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Heat flow and the second law

  1. Dec 13, 2011 #1
    why does heat flows from a high temperature body to a low temperature body?
    The above statement can be concluded from applying conservation of momentum to particles of a system containing a high and low temperature bodies.
    But in texts, its written that the above statement is a consequence of the 2nd law of thermodynamics.
    So is the 2nd law equivalent to momentum conservation principle?
    i mean, suppose we did not know the 2nd law, then could we explain the statement using momentum conservation and forget about entropy?
  2. jcsd
  3. Dec 13, 2011 #2

    Doc Al

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    How can you draw that conclusion?
  4. Dec 13, 2011 #3
    suppose you keep a hot body and a relatively cool body in direct contact and take the two bodies as a system. Particles (molecules or ions or atoms) in the hot body have higher energy and thus displays vigorous motion. The particles of the cold body had lower energy and thus their motion is less vigorous. During a collision between the hot and the cold body particles, conserving momentum, we say that velocity of the colder body particles has increased, which means heat transfer has taken place to the colder body.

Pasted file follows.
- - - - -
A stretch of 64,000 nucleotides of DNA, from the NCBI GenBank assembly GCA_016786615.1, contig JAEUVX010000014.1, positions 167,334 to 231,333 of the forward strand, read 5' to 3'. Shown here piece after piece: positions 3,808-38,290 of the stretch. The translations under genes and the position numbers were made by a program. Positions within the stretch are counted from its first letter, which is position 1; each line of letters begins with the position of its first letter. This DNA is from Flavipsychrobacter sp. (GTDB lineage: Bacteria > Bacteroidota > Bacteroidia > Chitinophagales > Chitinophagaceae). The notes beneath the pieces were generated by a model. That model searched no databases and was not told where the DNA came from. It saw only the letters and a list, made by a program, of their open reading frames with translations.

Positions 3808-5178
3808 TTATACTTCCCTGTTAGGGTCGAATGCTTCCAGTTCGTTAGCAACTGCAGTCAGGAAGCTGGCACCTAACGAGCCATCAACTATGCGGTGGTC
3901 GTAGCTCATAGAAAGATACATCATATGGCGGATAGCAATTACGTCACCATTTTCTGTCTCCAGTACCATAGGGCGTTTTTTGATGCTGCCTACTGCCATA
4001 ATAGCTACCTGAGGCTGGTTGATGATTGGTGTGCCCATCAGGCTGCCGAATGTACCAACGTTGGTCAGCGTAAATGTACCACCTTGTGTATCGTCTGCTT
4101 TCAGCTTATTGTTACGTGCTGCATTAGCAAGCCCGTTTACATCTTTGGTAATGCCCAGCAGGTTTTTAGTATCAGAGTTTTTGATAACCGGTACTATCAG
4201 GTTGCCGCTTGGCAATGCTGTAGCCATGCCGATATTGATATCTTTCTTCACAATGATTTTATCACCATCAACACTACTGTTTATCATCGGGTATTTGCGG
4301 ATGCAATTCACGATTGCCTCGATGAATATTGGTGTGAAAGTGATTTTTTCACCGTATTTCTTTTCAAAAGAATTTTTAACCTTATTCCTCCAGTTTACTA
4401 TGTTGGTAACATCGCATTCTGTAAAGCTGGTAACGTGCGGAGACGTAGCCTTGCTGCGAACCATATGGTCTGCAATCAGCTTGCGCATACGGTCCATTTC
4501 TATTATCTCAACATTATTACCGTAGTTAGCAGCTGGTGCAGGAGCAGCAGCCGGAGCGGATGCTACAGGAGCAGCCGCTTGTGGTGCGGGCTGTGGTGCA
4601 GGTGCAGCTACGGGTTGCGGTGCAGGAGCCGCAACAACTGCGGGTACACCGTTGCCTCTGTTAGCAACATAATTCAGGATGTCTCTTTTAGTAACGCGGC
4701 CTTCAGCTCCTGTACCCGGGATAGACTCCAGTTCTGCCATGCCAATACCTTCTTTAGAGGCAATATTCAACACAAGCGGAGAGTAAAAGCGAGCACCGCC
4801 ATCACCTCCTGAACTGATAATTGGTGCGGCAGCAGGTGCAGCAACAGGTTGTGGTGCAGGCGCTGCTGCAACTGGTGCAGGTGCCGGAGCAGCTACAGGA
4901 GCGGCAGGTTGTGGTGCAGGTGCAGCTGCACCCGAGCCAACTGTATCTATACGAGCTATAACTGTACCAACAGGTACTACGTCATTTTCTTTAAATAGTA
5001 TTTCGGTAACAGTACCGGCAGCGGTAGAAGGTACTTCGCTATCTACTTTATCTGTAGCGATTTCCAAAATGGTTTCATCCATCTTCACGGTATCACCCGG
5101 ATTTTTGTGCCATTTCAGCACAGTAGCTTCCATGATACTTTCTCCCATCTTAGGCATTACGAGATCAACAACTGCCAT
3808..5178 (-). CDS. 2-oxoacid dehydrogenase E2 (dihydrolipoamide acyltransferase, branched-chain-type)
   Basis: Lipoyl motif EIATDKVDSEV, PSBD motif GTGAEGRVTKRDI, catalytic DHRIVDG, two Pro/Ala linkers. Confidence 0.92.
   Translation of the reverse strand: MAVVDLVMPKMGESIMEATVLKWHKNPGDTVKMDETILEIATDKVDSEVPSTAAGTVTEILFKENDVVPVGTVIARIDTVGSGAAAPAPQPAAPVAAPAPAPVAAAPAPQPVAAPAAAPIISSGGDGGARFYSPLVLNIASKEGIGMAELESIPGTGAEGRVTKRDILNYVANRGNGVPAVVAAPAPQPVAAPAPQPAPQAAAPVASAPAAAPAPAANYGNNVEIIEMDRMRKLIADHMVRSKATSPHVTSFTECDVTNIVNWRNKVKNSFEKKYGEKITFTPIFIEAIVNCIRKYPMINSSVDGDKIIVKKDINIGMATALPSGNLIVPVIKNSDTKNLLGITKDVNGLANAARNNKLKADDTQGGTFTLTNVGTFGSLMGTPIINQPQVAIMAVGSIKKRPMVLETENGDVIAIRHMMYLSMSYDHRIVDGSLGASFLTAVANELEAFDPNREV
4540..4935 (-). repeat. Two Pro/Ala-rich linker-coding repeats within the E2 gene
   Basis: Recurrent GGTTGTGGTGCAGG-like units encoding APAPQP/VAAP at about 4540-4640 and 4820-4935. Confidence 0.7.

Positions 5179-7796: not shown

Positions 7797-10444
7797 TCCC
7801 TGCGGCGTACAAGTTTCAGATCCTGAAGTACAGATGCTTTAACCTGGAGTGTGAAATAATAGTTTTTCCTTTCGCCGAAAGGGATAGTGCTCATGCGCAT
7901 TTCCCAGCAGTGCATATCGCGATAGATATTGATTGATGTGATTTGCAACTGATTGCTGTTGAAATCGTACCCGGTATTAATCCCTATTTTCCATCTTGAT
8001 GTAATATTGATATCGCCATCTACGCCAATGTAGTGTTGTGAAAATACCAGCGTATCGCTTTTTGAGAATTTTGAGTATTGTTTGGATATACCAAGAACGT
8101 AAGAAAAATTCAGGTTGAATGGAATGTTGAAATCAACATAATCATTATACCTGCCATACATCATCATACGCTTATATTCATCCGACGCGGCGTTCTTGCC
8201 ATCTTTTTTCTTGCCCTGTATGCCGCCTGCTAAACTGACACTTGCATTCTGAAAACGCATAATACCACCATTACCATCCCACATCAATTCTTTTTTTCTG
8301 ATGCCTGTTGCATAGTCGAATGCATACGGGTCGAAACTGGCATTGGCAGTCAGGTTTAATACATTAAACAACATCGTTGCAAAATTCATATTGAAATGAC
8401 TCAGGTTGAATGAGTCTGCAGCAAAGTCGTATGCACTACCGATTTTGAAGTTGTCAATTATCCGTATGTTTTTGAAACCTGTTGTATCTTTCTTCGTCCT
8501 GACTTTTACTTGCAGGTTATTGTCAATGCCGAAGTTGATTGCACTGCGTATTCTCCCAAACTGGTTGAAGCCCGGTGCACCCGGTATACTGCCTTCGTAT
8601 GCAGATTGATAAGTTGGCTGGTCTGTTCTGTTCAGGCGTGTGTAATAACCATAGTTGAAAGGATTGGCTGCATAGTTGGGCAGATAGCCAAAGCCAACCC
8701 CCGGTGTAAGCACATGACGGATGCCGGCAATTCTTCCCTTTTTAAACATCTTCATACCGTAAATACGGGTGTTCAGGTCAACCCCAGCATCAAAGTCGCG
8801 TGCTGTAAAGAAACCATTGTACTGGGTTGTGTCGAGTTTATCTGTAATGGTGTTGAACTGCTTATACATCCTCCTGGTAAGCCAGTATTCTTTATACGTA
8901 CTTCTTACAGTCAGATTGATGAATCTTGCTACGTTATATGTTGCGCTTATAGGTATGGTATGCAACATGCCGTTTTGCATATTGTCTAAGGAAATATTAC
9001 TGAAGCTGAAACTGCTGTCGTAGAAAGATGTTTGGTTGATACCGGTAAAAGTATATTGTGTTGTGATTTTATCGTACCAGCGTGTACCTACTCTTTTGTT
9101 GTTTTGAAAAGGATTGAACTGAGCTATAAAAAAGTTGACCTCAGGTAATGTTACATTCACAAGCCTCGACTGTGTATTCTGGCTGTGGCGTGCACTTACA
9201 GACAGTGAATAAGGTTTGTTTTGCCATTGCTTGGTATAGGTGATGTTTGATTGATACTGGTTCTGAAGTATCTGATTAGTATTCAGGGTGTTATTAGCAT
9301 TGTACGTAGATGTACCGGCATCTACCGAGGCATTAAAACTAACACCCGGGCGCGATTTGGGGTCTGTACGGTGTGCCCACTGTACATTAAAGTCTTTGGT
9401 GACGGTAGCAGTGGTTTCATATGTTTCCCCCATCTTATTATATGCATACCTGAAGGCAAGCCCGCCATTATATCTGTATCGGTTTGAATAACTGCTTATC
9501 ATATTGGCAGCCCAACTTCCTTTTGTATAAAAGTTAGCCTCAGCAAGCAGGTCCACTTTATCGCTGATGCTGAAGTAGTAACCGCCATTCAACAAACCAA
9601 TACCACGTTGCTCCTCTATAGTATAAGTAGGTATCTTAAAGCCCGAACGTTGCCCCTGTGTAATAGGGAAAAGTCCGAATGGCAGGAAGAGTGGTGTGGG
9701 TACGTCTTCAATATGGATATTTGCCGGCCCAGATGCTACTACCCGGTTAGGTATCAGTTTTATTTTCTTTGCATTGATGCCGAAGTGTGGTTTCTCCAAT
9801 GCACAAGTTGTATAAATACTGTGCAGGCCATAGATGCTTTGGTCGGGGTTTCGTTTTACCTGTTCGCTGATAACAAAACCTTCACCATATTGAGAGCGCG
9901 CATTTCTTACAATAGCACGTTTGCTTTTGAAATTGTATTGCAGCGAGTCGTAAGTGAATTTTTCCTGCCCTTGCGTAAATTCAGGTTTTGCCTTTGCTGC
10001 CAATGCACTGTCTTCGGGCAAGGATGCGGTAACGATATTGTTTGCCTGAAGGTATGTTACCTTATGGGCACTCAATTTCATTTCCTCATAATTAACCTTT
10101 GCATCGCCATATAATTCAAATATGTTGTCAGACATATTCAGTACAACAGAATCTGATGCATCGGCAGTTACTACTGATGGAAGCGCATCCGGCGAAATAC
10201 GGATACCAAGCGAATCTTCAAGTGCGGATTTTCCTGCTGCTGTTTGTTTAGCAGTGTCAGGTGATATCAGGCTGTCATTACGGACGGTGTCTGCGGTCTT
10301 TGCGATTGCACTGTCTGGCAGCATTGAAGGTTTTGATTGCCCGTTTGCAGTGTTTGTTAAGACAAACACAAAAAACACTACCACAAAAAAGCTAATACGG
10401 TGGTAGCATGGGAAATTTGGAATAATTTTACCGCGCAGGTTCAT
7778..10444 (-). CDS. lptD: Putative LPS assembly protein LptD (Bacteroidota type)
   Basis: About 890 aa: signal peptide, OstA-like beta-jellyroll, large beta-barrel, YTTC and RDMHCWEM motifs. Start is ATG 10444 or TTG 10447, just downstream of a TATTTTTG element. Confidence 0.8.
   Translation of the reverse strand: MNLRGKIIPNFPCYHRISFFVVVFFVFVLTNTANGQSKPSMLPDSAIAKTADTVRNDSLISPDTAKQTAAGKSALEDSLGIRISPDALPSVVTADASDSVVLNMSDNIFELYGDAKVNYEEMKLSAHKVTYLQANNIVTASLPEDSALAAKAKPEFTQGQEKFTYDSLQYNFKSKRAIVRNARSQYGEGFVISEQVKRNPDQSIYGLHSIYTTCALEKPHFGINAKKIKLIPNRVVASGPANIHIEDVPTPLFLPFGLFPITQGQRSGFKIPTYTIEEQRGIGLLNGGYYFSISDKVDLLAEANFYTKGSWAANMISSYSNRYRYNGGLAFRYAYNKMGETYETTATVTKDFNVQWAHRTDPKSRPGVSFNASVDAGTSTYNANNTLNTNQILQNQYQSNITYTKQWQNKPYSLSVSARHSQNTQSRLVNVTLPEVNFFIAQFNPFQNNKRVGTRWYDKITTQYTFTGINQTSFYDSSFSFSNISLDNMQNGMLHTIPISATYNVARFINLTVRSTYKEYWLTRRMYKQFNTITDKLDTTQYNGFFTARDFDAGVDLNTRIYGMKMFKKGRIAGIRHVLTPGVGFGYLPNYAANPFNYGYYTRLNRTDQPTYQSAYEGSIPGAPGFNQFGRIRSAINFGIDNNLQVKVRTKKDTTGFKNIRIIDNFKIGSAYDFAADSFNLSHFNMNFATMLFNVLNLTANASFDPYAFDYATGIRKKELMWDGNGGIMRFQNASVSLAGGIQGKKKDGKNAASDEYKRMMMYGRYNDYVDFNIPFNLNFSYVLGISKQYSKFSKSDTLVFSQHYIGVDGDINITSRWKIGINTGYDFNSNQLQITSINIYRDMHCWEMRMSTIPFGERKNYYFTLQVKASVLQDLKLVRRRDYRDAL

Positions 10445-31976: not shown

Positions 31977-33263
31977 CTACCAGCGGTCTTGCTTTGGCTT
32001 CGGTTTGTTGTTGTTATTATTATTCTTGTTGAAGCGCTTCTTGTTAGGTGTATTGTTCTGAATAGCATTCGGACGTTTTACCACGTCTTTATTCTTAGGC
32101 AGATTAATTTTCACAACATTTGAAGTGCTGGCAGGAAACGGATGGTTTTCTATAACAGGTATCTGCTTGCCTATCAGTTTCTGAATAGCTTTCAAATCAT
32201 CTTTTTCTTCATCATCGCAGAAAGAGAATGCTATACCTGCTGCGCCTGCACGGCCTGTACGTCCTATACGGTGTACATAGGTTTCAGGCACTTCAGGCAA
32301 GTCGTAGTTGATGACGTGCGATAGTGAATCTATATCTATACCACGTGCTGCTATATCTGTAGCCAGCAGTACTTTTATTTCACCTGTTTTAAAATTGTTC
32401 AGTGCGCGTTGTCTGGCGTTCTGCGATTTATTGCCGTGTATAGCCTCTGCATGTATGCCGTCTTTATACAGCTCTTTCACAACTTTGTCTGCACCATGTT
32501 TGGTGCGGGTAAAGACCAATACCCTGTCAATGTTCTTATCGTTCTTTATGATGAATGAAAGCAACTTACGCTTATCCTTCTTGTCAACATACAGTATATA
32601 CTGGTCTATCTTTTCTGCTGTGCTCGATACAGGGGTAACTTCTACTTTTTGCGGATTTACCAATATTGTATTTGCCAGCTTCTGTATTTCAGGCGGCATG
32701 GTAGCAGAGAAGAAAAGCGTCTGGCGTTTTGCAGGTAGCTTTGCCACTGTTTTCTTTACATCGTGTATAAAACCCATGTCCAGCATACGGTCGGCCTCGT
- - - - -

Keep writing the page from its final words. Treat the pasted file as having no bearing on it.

Mathematically, suppose hotter body particle has mass m1, velocity v1 strikes (elastic) colder body particle with mass m2, velocity v2 (v2<<v1). Suppose the final velocities are v1' and v2'. So,
    m1v1 + m2v2 = m1v1' + m2v2'
    and from conservation of energy
    m1(v1)^2 + m2(v2)^2 = m1(v1')^2 + m2(v2')^2
    wherefrom we obtain
    v1+v1'=v2+v2' (assuming v1,v1' and v2,v2' are not equal)
    now v1>v2 so v1'<v2'.
    So finally, cold body particle has higher velocity than hot body particle. Higher velocity means the increase in temperature.
  5. Dec 13, 2011 #4

    Andrew Mason

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    I don't think you can say that in every collision between a molecule in the hot body and a molecule in the colder one, energy will be transferred from the molecule in the hot body to the molecule in the colder one.

    What you can say is that, on average, this will occur. So your "proof" will have to look at many collisions and involve a statistical analysis of the transfer of energy over many collisions.

  6. Dec 13, 2011 #5
    you mean that in some cases there will be no change in velocities of either particles. (i.e. v1=v1' and v2=v2'), it will be as though no collision has taken place. This condition also comes from energy and momentum conservation principles. In other cases we will have v2'>v1'.
    for the case when v2'>v1' :
    For a simpler case, assume m1=m2 i.e. the hot and cold bodies are made of same substance.
    so we get v1+v2=v1'+v2' (from momentum conservation) and from both conservation principles we get v1=v2' and v2=v1' i.e the final velocity of the cold body particle equals the initial velocity of the hot body particle and the hot body particle slows down similarly.